Tire loading apparatus has been employed in conjunction with tire curing presses and other machinery for many years. Originally, tire loading apparatus was developed for purposes of automation to relieve the labor-intensive operations which had, for many years, characterized the production of pneumatic tires. Many different tire loaders evolved over the years with a variety of different structural features that were tailored, in part, to the operational parameters involved in a particular tire manufacturing installation, with the design being substantially controlled by the type of tire presses involved and the type of tire being produced. In the early years of automation, stress was placed upon achieving primarily automated loading apparatus which would reliably engage, hold, and disengage an uncured tire in a position wherein it could be operatively engaged by a tire press center mechanism in conjunction with the closing of the press and the carrying out of the tire vulcanization process therein.

Early tire loading apparatus employed in conjunction with tire curing presses did not place emphasis on positioning accuracy of the tire baskets of tire loading apparatus, as such was not deemed to be of particular importance, and center mechanisms were designed to carry out alignment functions to the extent such was deemed to be of importance by tire manufacturers. Variations in tire loading apparatus were thus frequently made to accommodate particular types of tire curing press center mechanisms and to accommodate particular tire configurations that evolved, such as a type of bias-ply tire which made it desirable to round out both bead areas of an uncured tire prior to the introduction of the uncured tire into the tire curing press.

Since the introduction and subsequent virtual universal acceptance of radial-ply tires, tire manufacturers have come to the realization over a period of time that accurate location of an uncured tire at the center of the lower mold cavity is essential to the production of a high-quality radial tire. It has thus become common for tire manufacturers to require repeat loading accuracy of uncured tires to precision on the order of several thousandths of an inch.

The precise positioning of an uncured tire with respect to the center of the lower mold cavity of a tire curing press involves two primary considerations. First, the tire loader itself, which consists of a movable arm or other member, must be capable of repeat precision movement for bringing a loader basket from a position where its centerline is aligned with a tire stand, tire holder, or conveyor position having an uncured tire located thereon, for picking up the uncured tire, and for transporting it to a position in precise alignment with the lower mold cavity of a tire curing press or other apparatus into which the uncured tire is to be deposited. Numerous loaders having various arrangements of pivoting arms are known in the art to provide accurate arcuate movement of a tire loader basket between two fixed positions. The present invention contemplates the utilization of a loader arm or other member capable of moving a tire loader basket between two spaced positions.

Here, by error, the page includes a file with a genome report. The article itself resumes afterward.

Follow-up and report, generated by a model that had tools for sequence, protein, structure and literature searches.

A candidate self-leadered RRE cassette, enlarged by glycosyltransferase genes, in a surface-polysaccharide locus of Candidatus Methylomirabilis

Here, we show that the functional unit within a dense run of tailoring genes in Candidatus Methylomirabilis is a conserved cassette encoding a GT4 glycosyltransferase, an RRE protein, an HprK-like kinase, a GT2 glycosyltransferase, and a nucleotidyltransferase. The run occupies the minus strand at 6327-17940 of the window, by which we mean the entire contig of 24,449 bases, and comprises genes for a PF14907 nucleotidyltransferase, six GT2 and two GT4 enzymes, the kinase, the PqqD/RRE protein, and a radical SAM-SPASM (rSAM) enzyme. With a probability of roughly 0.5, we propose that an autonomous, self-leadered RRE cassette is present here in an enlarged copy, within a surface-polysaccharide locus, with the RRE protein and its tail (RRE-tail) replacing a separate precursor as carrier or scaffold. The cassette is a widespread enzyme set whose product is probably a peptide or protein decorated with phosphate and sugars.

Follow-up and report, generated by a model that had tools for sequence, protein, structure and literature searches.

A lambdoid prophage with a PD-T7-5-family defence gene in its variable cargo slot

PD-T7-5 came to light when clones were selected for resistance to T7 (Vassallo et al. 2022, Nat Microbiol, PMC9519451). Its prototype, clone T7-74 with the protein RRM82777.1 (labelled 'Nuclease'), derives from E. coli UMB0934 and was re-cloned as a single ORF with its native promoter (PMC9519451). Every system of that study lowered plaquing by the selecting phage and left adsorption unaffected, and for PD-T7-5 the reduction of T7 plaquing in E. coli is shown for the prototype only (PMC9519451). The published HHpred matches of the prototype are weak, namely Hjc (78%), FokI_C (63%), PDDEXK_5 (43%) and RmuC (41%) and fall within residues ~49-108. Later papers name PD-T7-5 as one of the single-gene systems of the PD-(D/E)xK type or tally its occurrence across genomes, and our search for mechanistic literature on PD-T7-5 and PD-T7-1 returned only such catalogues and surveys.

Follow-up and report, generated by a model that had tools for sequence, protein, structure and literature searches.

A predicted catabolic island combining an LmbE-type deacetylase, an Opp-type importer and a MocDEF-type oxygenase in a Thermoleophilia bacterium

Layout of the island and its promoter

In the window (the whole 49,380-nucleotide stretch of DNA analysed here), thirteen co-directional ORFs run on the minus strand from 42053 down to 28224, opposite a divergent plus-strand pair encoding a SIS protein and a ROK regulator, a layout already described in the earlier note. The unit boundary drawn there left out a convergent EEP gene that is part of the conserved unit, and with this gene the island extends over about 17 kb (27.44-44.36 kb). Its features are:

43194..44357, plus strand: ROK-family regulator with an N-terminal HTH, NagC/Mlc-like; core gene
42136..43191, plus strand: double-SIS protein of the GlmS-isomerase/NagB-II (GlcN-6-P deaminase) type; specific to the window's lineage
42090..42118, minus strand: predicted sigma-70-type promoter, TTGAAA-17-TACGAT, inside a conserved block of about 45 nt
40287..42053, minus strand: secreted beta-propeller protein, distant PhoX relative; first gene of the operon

The second facet of precision loading involves the precise positioning of the shoes or tire-engaging members of the tire loader basket relative to the central axis of the loader basket. This requires that the loader shoes be radially independently adjustable relative to the central axis of the loader basket. A corollary to this requirement is the necessity that the shoes of the loader basket must remain in precise concentricity with the center axis of the loader basket over the entire range of radial adjustment of the shoes of the loader basket to accommodate a range of bead sizes for the different tire sizes that a tire curing press is constructed to accommodate for flexibility and economy of production. Thus, besides the necessity that the shoes of a tire loader basket move radially inwardly and outwardly to disengage and engage the upper bead of an uncured tire, it is additionally necessary that all of the shoes be capable of concentric radial adjustment to different positions to service the different tire bead sizes for which a tire loader is designed.

Prior-art tire loader baskets have been variously constructed to perform the functions of engaging and releasing an uncured tire and for radial adjustment to appropriately engage and disengage uncured tires having differing bead diameters. In some cases, oscillating actuating plates having a cam or scroll plate have been employed to actuate all shoes of a tire loader basket simultaneously. In other instances, individual cylinder actuators have been employed for each loader shoe of a loader basket. Various types of stops and adjustable rods have been employed for purposes of establishing the radially outer position of the shoes of a loader basket for each different tire bead size. The lack of initial setting precision, the lost motion in employing a plurality of interconnected components, and the tendency of some types of components to develop premature wear characteristics, all of which affect accuracy and cost, have precluded a broadbased adoption of any single tire loader basket configuration.